Parkash Singh Badal, the chief minister of the Indian state of Punjab, who has visited with the families of Sikh massacre victims in Wisconsin and plans to attend a memorial on Friday, is himself under suspicion of having committed grave human rights abuses against his fellow Sikhs in India.

Badal, who happened to be in Wisconsin to attend the wedding of a friend's daughter when the attack on the Sikh temple near Milwaukee occurred Sunday, is the target of a federal lawsuit in that city by a Sikh human rights group which alleges he supervised the torture and mass murder of Punjabi Sikhs.

The lawsuit, filed by Avtar Singh of New York, who describes himself as coordinator of an organization called "Sikhs for Justice," claims that, as the commander of Punjab security forces, Badal is responsible for the cruel and inhumane mistreatment and "extrajudicial deaths" of various people.

The complaint declares that Badal could be prosecuted by the federal court under the Torture Victim Protection and Alien Tort laws because he is currently on U.S. soil.

Badal has served as chief minister of Punjab since 2007, having previously served in the same office from 1970-1971, 1977-1980, and 1997-2002.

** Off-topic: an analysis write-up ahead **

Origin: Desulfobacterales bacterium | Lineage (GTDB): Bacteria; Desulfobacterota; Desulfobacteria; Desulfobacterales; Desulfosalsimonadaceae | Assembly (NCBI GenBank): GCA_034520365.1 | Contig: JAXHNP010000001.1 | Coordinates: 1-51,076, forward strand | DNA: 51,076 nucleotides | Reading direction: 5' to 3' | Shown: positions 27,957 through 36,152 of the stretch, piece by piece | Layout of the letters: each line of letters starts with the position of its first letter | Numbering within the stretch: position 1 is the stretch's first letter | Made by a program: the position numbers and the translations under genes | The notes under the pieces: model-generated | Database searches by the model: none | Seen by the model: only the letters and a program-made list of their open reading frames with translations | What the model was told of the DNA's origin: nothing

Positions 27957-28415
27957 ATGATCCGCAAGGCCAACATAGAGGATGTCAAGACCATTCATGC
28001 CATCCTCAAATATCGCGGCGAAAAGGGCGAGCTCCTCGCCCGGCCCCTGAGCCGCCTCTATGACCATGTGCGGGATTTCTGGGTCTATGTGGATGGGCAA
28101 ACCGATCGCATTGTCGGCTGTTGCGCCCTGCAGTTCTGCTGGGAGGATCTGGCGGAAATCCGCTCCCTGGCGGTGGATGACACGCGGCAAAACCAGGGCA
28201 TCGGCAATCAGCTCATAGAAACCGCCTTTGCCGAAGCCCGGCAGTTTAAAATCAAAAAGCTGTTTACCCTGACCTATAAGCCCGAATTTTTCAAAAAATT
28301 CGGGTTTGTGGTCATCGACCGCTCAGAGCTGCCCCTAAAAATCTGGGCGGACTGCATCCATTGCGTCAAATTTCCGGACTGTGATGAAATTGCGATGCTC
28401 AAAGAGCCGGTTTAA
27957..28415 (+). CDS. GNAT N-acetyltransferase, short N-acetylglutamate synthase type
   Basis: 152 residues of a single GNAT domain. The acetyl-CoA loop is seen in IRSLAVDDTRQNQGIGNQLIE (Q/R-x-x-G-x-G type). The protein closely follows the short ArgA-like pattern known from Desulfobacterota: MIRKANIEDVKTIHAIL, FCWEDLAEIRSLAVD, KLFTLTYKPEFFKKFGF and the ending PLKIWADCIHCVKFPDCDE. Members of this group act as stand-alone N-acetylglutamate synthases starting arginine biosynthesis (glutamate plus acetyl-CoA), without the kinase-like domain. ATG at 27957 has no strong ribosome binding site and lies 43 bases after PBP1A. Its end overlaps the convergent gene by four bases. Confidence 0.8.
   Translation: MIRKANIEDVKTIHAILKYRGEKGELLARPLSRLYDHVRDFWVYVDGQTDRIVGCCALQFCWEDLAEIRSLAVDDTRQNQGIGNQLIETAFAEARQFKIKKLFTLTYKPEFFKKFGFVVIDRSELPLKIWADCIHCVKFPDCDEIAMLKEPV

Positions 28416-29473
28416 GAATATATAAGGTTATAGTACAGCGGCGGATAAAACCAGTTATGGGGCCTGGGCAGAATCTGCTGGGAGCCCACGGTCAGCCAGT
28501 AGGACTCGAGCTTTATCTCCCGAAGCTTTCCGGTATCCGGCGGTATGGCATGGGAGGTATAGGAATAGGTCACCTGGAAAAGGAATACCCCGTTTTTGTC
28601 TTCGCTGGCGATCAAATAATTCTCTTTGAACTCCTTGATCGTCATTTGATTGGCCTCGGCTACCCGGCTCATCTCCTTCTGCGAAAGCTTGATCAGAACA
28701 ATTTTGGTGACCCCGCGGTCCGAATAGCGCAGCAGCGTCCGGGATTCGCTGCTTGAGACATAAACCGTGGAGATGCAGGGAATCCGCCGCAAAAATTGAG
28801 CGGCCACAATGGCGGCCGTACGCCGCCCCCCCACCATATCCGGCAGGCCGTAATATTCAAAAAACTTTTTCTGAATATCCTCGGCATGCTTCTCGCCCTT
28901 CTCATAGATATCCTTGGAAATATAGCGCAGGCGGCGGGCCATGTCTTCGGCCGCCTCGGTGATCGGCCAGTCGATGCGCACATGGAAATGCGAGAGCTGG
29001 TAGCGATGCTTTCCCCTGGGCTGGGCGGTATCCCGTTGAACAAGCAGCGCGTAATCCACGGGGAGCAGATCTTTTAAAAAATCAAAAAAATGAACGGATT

The suit against him alleges that "well over 10,000 cases of torture and extra-judicial killings” took place during Badal's 1997-2002 and 2007-2012 regimes.

The plaintiffs also claim that Badal "is guilty of defending the notorious police officer Sumedh Singh Saini, currently director general of Punjab police, before the courts in complaints of human rights violations," adding that "in another instance, notorious police officer K.P.S. Gill, who has been responsible for numerous cases of tortures and extrajudicial killings has been appointed as adviser" to Badal's regime.

Gurpatwant S. Pannun, the New York-based legal adviser to Sikhs for Justice, told the Milwaukee Journal-Sentinel, "We don't understand how officials with a consistent pattern of human rights violations can get visas and get protection at U.S. cost on these trips. We can't fathom how [Badal] can come to the U.S. with these known violations. There's no accountability. That's our issue."

The Journal-Sentinel reported that Badal was asked about the suit but declined to comment on it.

Indian media have described the petitioners of the lawsuit as “radicals” who endorse the formation of “Khalistan,” an independent homeland for Sikhs.